How to Build an Off-Road Fuel Cell using Holley HydraMat

10 min read

How to Build an Off-Road Fuel Cell using Holley HydraMat

10 min read

Fuel delivery has long been the bane of everyone from stock car racers to rockcrawlers, and the pressure demands of fuel injection have only made this situation worse. Hard cornering, fuel sloshing, and degraded foam are just some of the contributing factors to fuel starvation. And no one who is racing wants to have ten pounds of extra fuel in their tank that is unusable due to a poor pickup location. In 2014 Holley came up with an innovative solution to all of these problems: it’s called HydraMat.

M715 Hydramat 1

HydraMat has a 15-micron pore size, so it essentially acts like a pre-filter for your fuel. The mat is compatible with gasoline, E-85, alcohol, ethanol, methanol, and two cycle oil blends as high as 20:1, but you can’t run HydraMat in your diesel truck.

How does HydraMat work?

Holley’s HydraMat completely revolutionized fuel delivery with a product that is still unrivaled in the market. Surface tension and fluid wicking are the secrets of the HydraMat’s amazing ability to draw fuel from nearly any area that has contact with fuel and store it in its internal reservoir. As an area of the HydraMat is uncovered, the tiny pores of the media seal off thru surface tension, forcing fuel to be contained in the reservoir and drawn from other areas of the mat where fuel continues to be available. All the while the pump is able to pull from inside the HydraMat allowing it to avoid fuel starvation.

The sheer size and coverage area of the HydraMat allows it to pull fuel from virtually any area in the tank or cell eliminating the need for specialty reservoirs and pick up pumps, saving cost and greatly reducing complexity. This patent pending design also does an excellent job preventing aeration, which helps your fuel pump live a long, happy life.

M715 HydraMat fuel cell build

There are a lot of different fuel cells on the market, but sometimes you need something more custom. That was the motivation for Dr. Smash creating this fully fabricated aluminum fuel cell for a customer that wanted zero compromises. With the big bottom of the tank, Holley HydraMat will ensure that none of the fuel goes to waste.

Custom Fuel Cell Fabrication

Eric Bevans (aka Dr. Smash) recently used two HydraMats in a custom thirty-gallon fuel cell he built for the back of a customer’s M715. “This is a big, heavy truck with 43-inch tall tires,” Bevans explained. “The customer plans to take this on extended trips through the desert and wanted plenty of fuel capacity, right down to the last drop.”

Dr. Smash started by measuring twice, then had aluminum sheets cut up to create the top, bottom, and sides for the fuel cell. He built his own filler neck with a flap to keep fuel from spilling out, and added bungs for the fuel hose, return line, and rollover valve. Like many of us, degrading foam has caused Dr. Smash to pull his hair out in the past, clogging fuel filters and killing pumps. No foam was used in this custom fuel cell. While baffles are not a necessity with HydraMat, some people like wearing suspenders with a belt, so baffles were added to the sides of the cell running crossways to prevent sloshing when accelerating and decelerating.

M715 HydraMat sizing

HydraMats are most commonly used flat on the bottom of the tank, but they can be folded, such as up the back wall of a fuel cell in a rock buggy to optimize fuel scavenging on vertical climbs. In this case, bigger is better when sizing your HydraMat...just ensure you can get it into the tank opening.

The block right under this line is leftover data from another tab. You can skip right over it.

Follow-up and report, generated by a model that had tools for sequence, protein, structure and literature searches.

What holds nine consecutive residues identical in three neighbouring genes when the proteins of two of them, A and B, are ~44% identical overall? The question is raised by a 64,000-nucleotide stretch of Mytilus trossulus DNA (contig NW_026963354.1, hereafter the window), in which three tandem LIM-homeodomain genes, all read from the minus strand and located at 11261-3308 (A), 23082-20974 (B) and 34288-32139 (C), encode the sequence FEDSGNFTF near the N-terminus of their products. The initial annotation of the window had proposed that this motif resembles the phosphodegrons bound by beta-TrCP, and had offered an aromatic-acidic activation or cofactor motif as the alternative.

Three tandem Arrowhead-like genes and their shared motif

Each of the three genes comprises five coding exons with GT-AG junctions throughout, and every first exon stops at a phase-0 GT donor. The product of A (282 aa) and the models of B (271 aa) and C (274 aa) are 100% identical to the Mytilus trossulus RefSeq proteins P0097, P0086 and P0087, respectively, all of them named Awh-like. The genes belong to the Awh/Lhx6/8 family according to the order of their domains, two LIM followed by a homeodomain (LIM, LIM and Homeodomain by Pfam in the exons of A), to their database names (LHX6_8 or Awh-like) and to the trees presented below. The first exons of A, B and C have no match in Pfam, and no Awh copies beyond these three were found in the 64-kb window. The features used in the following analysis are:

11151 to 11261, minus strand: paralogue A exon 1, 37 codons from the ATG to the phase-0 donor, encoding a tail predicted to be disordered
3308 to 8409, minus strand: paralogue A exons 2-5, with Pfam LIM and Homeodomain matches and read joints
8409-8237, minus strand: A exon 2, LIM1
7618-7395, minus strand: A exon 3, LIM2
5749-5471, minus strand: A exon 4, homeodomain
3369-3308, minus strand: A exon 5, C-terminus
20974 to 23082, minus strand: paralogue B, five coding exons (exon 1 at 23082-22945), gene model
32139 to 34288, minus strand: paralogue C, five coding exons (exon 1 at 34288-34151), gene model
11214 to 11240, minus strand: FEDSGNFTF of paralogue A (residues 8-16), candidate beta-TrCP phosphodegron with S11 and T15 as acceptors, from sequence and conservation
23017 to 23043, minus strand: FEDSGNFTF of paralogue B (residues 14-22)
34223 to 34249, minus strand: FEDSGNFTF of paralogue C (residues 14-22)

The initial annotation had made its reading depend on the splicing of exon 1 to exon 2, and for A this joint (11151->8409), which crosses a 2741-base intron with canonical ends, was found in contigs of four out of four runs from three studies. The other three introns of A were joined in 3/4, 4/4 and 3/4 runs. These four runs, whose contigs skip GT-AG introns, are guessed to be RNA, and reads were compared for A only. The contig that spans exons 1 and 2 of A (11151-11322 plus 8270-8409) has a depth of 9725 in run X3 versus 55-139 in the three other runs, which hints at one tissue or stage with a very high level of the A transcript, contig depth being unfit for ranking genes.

Hydramat Sizing

HydraMat is available in eighteen different shapes sizes to accommodate different tank sizes and openings. Square, rectangular and “X” shaped mats are offered to provide easy installation through various sending unit access holes or fuel cell cover plates. Retrofit kits are also available for stock tank vehicles to ease installation of aftermarket EFI retrofit kits like the Holley Sniper EFI system. Dr. Smash chose to use two “X” shaped HydraMats (PN 16-102) in the bottom of the baffled fuel cell he constructed for the M715 for redundancy. These will be plenty to feed the mild Small Block Chevy engine under the hood.

The general rule of thumb is to install the largest HydraMat you can reasonably fit inside your tank. Larger sizes offer more fuel capacity in the internal reservoir, increased filtration, and less restriction for the fuel pump. They also cover more square inches in the tank for maximum fuel scavenging, ensuring the mat is touching fuel even in extreme driving conditions. HydraMat is not cleanable, however they will provide approximately ten years of usable filtration performance, depending on variables including the fuel type and quality, how clean your fuel system is, and how much you drive your car. Severe duty applications such as racing should inspect the filter at regular intervals to ensure the HydraMat is not restricted by debris.

Holley VK040048

Holley offers combo kits, such as this 1978-86 Jeep CJ combination (VK040048) under one part number that includes a new galvanized steel fuel tank, internally regulated high pressure in-take fuel pump capable of supporting fuel injection, HydraMat for reliable fuel pickup at any angle, and a pre-calibrated sending unit.

Drop-In Tank Options

Holley also offers HydraMat as part of its drop-in returnless and return-style fuel pumps. Universal pumps are available in a variety of volumes to feed even four-digit horsepower engines, as well as direct fit pumps for popular muscle cars. If your tank is too far gone to salvage, Holley offers new fuel tanks complete with a high pressure, in-tank fuel pump featuring HydraMat for Camaros, Barracudas, Mustangs, Jeep CJs, and more.

M715 HydraMat Securing The HydraMat

Dr. Smash cut slots in the baffles of the fuel cell to allow the HydraMat to slide underneath and lock in place. Tabs were also added to each side to ensure that the HydraMat didn’t float when the tank is full. If you don’t want to get this custom, Holley has off-the-shelf mounting options.